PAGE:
“Something profound happened at this workshop.” This was the assessment of Irish Jesuit Terry Howard SJ who, along with two colleagues of the Irish Jesuits, Sr Moira McDowall, and Mary O’Connor, was in Italy recently to take part in communal discernment about their work. They were in the company of Jesuits and co-workers from Europe, the Middle East, and Micronesia. According to Philip Harrison SJ from the British Province this type of discernment process “aims to rediscover the experience of the first Jesuits who gained clarity and unity about their mission through spiritual conversation.” (Read Philip’s report below.)
For Terry Howard, a change took place from within for him as the process unfolded. “I found myself shifting focus, away from myself, from the ‘I’ of the Spiritual Exercises to the ‘We’ of our workshop group as an Apostolic Body. And it wasn’t just me. The whole group felt the same shift,” he said.
Elaborating on the shift Terry explained, “The word ‘body’ was the key. I came to the understanding that I am first and foremost a human being who is part of a body/group, not merely an individual. But as an individual, my body has its own graces and weakness that I need to be attentive to and I need compassion for that. Compassion de-centres me. It frees me up to be more attentive to, and be in better tune with, the body as a corporate person. Doing discernment within a body/group then becomes possible, and my sense is that it’s compassion, as God’s Spirit, that enables group/corporate discernment to be effective.”
Another important dimension of the workshop for Terry was the inter-provincial nature of the event. “The British and Irish provinces worked together (as JAPC) during the workshop rather than as separate provinces. The rest of the group noticed it and pointed it out. I was quite surprised at the importance attached to that simple action on our part. It was understood as an alternative to Brexit!”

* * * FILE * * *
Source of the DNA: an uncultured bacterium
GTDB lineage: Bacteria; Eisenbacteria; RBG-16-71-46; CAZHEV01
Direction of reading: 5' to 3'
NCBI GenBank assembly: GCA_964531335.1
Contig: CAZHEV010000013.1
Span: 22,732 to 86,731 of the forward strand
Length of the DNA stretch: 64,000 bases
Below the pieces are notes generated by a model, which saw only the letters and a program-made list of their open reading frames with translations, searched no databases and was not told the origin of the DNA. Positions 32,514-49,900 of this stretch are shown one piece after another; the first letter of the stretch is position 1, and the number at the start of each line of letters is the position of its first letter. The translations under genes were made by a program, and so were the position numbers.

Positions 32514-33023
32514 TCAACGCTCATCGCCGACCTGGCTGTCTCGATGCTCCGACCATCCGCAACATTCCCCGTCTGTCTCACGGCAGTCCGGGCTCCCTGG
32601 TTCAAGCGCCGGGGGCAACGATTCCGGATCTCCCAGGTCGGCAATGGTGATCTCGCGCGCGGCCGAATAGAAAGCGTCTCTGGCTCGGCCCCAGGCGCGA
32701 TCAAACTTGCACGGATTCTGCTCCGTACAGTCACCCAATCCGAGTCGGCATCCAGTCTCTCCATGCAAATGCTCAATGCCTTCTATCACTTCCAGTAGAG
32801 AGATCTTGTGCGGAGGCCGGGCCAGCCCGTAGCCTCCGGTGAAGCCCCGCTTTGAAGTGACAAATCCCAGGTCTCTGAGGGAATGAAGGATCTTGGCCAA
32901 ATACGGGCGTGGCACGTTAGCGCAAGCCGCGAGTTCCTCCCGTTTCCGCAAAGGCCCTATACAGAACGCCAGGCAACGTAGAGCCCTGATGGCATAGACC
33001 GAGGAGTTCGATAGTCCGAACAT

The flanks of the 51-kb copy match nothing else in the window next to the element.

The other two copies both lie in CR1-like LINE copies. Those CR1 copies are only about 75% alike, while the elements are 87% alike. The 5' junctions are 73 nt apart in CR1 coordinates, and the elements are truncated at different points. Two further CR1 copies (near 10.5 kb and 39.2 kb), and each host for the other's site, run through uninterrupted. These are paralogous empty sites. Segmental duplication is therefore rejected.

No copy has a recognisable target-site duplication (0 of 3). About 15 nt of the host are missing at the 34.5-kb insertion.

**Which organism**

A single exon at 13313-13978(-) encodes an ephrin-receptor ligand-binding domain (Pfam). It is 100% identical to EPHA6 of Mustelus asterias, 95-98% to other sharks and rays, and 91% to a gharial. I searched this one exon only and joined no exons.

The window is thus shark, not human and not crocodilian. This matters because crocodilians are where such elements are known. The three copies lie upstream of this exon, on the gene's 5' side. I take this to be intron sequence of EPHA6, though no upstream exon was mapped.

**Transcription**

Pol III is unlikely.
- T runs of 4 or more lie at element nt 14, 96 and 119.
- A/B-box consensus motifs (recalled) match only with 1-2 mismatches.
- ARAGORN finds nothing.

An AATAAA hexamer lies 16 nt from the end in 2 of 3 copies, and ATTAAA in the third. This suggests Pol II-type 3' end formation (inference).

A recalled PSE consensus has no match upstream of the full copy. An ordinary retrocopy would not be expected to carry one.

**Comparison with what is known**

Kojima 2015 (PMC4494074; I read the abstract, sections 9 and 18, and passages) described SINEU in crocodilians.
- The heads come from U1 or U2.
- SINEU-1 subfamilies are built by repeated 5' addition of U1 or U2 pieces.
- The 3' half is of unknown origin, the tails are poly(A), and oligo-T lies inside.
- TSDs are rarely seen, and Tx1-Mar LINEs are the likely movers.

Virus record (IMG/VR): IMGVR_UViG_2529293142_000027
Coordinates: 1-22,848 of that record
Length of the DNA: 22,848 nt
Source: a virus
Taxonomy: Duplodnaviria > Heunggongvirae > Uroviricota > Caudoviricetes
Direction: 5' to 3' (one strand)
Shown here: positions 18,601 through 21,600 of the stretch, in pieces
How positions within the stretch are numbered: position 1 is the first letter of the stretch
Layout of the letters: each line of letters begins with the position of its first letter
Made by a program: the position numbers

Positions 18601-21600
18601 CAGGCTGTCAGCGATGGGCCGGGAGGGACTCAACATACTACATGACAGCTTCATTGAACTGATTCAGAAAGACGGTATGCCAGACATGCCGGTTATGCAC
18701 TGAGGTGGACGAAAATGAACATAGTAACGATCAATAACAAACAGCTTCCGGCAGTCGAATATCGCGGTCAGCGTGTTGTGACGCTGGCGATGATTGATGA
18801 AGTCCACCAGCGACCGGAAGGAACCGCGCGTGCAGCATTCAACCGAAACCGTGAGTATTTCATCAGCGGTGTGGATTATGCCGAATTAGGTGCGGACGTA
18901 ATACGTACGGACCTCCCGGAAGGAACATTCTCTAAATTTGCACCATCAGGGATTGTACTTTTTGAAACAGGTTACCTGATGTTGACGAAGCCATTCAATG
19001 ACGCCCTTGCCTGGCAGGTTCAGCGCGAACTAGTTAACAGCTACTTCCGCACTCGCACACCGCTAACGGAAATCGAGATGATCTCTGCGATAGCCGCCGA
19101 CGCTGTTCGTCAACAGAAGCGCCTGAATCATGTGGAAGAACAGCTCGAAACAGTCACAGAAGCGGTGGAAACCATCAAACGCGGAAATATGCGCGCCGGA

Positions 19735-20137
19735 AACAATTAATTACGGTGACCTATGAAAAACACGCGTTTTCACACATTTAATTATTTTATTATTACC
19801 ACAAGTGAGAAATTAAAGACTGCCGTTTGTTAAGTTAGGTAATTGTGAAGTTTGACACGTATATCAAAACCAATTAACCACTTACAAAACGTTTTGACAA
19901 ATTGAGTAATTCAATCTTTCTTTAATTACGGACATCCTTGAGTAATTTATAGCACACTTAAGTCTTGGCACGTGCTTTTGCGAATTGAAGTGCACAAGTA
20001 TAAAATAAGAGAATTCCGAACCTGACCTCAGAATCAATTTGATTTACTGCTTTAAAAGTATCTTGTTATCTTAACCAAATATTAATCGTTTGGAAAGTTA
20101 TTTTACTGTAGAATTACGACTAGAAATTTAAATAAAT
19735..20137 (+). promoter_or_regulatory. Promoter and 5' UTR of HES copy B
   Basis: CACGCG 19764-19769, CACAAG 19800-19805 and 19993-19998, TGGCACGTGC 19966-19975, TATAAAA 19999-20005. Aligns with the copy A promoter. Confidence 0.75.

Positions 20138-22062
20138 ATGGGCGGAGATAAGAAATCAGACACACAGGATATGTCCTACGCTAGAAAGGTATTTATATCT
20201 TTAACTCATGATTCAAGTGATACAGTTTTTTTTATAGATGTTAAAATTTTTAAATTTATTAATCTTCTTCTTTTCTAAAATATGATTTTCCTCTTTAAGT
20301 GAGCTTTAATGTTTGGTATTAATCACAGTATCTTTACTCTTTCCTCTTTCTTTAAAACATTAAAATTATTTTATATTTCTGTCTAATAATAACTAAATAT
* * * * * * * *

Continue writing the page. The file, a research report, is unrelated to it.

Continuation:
Finding God at work in the world
From the origins of the Society of Jesus, decisions were made through discernment in common. A group of fifty Jesuits and co-workers met at the end of September in Monte Cucco near Rome to experience Discernment in Common and Apostolic Planning (DiCAP). This process aims to rediscover the experience of the first Jesuits who gained clarity and unity about their mission through spiritual conversation. The group was assisted by the president of the European Conference of Provincials and an international team of facilitators.
Father General has distinguished the Religious Body of the Society of Jesus (composed of the vowed Jesuits) and the Apostolic Body (composed of the vowed Jesuits and all those who work with them). By discerning together, the participants perceived the deeper principles and relationships which hold the Apostolic Body together. Just as muscles and bones unite in a human body, our shared identity, values and practices are what hold us together as one. The exercise of discernment is the process that coordinates and strengthens the Apostolic body in the service of the Gospel, aligning it with the body of Christ.
Through individual prayer, spiritual conversation, planning tools, and plenary discussion, the participants were able to develop the strategic goals and objectives that will help to implement the DiCAP process in communities, works and provinces. Ruth Holgate from the United Kingdom said, “I like that DiCAP takes seriously that God is already at work in the world and we are called to listen to what God is doing and to cooperate with that.”
Many participants were surprised by the profound level of spiritual conversation attained within the groups over just a short period of time. John Sargeant, who works for L’Arche international, articulated this experience by saying that “A spiritual conversation is a sharing of what is most essential to me, a sharing of my life with another and listening, and in that way deepening our shared life.” These conversations gave new life and new energy to the group and can give the same to the whole Apostolic Body of the Society of Jesus as it moves toward a stronger and more collaborative future.
Philip Harrison SJ